British press on ‘Brother Williams’ scandal with Russian tennis chief

Williams at the Olympic Games in London, 2012. Source: DPA / Vostock Photo

Williams at the Olympic Games in London, 2012. Source: DPA / Vostock Photo

A row erupts over politically incorrect comments made on TV by Russian tennis chief Shamil Tarpischev. Having watched the show, Nikolai Gorshkov wonders what all the fuss is about.

The row over a gauche TV gag about Serena and Venus Williams by Russian Tennis Federation president Shamil Tarpischev questioning the gender of Serena and Venus Williams has whipped up a storm of press coverage.

The tempest was sparked after a humorous Russian TV chat show when the tennis guru referred to the great tennis sisters as “brothers”. As a result Mr. Tarpischev has been fined $25,000 by the Women’s Tennis Association and banned from any involvement with the women's tour for a year. And although the WTA published a letter of apology from Mr. Tarpischev, the chorus of indignation continues.

Soviet style denunciation

The Telegraph quoted Women's Tennis Association (WTA) chief executive Stacy Allaster as saying that "Mr Tarpischev's statements questioning their genders tarnish our great game and two of our champions.” Now, I would have thought that all genders are equal and suggesting that a particular gender can be questioned is actually demeaning to that gender. On the other hand, since there are mixed couples games why are there no male vs female singles? Wouldn’t that be true gender equality?

It's unclear if any world tennis officials have actually watched the TV show or have good enough Russian to understand the subtlety of what Mr. Tarpischev actually said.  As Soviet cant concerning denunciations once had it: “We haven’t read the book, or seen the film but are appalled by their demeaning remarks and demand the maximum penalty for the perpetrators of such hatred towards the people”.  Total, unquestioning obedience to the Party line was expected, and demanded.

The International Olympic Committee, of which Mr. Tarpischev is a member, has taken a more sensible position before deciding whether to impose any sanction on him. The Guardian reported IOC remarks: “The IOC will directly contact Mr Tarpischev to ask him for a full explanation of his comments."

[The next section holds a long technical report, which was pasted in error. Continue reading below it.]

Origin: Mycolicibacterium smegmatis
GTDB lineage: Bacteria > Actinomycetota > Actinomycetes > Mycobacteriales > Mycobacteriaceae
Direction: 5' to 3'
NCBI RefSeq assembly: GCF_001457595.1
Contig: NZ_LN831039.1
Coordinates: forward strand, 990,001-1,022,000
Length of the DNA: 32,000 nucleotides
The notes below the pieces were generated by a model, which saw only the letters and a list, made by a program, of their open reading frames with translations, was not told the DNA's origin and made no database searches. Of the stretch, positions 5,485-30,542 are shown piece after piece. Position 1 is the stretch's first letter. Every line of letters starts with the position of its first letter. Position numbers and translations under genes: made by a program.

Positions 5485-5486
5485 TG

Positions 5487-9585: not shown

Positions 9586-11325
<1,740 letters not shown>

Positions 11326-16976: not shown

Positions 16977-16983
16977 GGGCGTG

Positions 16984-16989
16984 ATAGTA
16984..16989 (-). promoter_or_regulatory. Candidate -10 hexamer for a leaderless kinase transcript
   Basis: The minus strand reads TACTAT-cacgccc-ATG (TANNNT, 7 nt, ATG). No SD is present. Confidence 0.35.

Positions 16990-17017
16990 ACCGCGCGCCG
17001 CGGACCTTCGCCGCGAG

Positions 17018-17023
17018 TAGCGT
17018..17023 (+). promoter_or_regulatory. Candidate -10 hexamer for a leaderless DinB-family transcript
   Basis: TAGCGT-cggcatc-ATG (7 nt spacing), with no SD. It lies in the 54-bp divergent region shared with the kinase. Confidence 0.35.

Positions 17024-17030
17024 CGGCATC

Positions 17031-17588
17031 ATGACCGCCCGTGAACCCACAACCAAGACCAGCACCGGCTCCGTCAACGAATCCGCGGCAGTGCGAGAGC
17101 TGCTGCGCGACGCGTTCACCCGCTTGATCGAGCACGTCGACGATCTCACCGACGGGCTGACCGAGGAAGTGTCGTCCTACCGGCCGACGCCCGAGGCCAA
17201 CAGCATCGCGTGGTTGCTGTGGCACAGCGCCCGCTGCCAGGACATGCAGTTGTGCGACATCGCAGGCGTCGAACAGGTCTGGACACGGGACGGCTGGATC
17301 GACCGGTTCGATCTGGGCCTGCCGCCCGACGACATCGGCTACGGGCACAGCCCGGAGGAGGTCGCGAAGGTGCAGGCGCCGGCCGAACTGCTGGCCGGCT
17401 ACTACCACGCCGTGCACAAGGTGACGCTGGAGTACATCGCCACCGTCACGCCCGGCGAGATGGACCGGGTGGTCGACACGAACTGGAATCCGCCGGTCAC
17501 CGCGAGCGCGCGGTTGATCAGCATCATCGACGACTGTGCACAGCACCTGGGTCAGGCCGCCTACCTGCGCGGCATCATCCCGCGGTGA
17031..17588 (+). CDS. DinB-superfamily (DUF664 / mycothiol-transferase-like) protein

Merciless humour

Having seen the show, it is apparent the 'brothers' quip was provoked by the anchor at the show, Nightly Urgant, who is known for sailing too close to the wind, just like the hosts of irreverent news shows worldwide. Have I Got News For You was merciless with former British Deputy Prime Minister John Prescott, always teasing him about his alleged gargantuan appetite. Adding “allegedly” was its “magic” defence against any potential libel accusations.

A few years ago, the BBC suspended popular entertainment show host, Jonathan Ross after he and comedian Russell Brand made a vulgar, sexually explicit telephone prank call to an elderly actor, Andrew Sachs. The stunt sparked dozens of complaints from the public and no other than then Prime Minister Gordon Brown.  But such is the allure of cheeky shows that when the Friday Night With Jonathan Ross eventually returned to the small screen it drew a record 5.1 million viewers.

Guests on such shows are under huge pressures to match the repartee of their hosts.

Scary looks

The Mail Online highlighted Mr. Tarpischev’s remark that the Williams sisters were “scary to look at”. The Guardian quotes Serena Williams dubbing the remark “sexist, racist and bullying”.

In his apology to the WTA Mr. Tarpischev insists his TV show comments were intended as a good-natured joke and he has “the greatest admiration for the Williams sisters, who are among the greatest athletes ever to compete in our sport.” Indeed, in Russian to say that somebody is a real “man” is a huge compliment. For comparison, think how odd to a Russian ear the English expression of highly positive regard, "I cannot recommend this person highly enough," sounds. But perhaps in this case the expression was ill-used and it was not really a compliment but simply a thoughtless joke?

Tarpischev adds: "I understand now that my remarks were wrong and could be construed as discriminatory by the public. That was not my intention but I recognise that I need to make a full apology to the tennis family and especially to the Williams sisters.”

To any unbiased observer who has watched the show and understood the language Mr. Tarpischev’s phrase was just a joke in keeping with the show's format. But the reaction of the press reveals that in the current political climate any Russian official is fair game, particularly when it pays. It makes me wonder how much money the Russian President could earn for his country if he fined every Western public figure who uses much more loaded language about him than “sister Putin”? Or can we suspend them from world politics until they apologise?

The opinion of the writer may not necessarily reflect the position of RBTH.

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